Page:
"So we talked about what we could do and what was our responsibility as a citizen to individuals and helping them to figure out how to improve their health and how to navigate the system to get help," she recalled.
With her sister, she co-founded CAARE INC to provide HIV testing and counseling, plus transitional housing.
Since many of CAARE's HIV clients were also dealing with drugs and alcohol problems, they started offering substance abuse counseling.
Next came a community food pantry.
"Not only do we wanna give away food but we wanna show you how to prepare it without all the fats," explained Bynum.
In February CAARE opened the Jeanne Hopkins Lucas Education and Wellness Center.
"It's a health disparities clinic. So, I looked at the five health disparities at the highest mortality rate in our community; and they were cancer, I'm looking specifically at breast, cervical, colorectal, and prostate. Then diabetes, hypertension, obesity and HIV and AIDS," said Bynum.
But there's more to the free clinic. There's a gym and personal trainer, a massage area to relive stress and place for clients to relax.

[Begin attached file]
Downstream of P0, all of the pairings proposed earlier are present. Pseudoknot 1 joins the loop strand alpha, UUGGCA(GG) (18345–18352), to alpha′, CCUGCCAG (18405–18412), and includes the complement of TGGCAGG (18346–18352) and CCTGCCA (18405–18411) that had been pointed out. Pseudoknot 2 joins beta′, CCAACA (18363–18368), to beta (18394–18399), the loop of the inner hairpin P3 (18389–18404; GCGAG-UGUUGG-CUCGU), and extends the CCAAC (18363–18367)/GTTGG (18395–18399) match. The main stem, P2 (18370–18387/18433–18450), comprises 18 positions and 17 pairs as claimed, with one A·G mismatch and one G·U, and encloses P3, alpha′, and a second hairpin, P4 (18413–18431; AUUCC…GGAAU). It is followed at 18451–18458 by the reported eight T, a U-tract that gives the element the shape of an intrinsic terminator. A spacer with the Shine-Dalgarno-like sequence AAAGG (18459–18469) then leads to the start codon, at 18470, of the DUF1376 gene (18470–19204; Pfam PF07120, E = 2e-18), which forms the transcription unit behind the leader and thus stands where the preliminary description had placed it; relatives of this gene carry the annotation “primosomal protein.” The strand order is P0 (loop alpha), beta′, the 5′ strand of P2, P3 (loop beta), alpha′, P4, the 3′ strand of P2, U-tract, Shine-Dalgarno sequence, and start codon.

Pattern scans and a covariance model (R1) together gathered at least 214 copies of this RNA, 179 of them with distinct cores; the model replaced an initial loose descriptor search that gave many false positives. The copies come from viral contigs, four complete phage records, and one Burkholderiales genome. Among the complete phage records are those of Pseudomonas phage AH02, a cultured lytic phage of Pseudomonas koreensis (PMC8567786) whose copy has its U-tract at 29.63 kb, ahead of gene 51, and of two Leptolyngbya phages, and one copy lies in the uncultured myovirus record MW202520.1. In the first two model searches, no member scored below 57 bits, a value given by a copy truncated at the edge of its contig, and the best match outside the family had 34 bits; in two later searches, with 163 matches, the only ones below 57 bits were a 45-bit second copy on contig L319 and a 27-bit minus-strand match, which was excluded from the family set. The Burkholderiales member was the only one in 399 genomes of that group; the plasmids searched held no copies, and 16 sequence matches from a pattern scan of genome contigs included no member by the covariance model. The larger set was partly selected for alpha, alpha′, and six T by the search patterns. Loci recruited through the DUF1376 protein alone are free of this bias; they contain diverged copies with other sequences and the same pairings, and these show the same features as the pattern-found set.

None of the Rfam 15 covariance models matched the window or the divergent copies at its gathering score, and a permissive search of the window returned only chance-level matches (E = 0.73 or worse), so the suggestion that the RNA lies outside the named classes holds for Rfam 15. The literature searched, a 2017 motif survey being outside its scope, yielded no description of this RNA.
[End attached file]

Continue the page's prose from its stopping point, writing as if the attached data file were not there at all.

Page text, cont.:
"You can sit in there at a bistro table with a cup of coffee and discuss your medical issues. Not necessarily having you focus on the illness itself, on how you can take steps toward creating better lifestyle changes," Bynum said.
A chapel is now under construction help clients with the spiritual part of their lives. It's all part of Sharon Elliott-Bynum's dream of providing a holistic approach to helping those in need.
"I believe in a holistic approach to life, because man is not just a physical being. There's physical, there's social, there's psychological, there's spiritual," she said.
The clinic operates in the evening so doctors and nurses can volunteer their time. CAARE will soon offer dental screening and transitional housing for veterans and all of their services are free.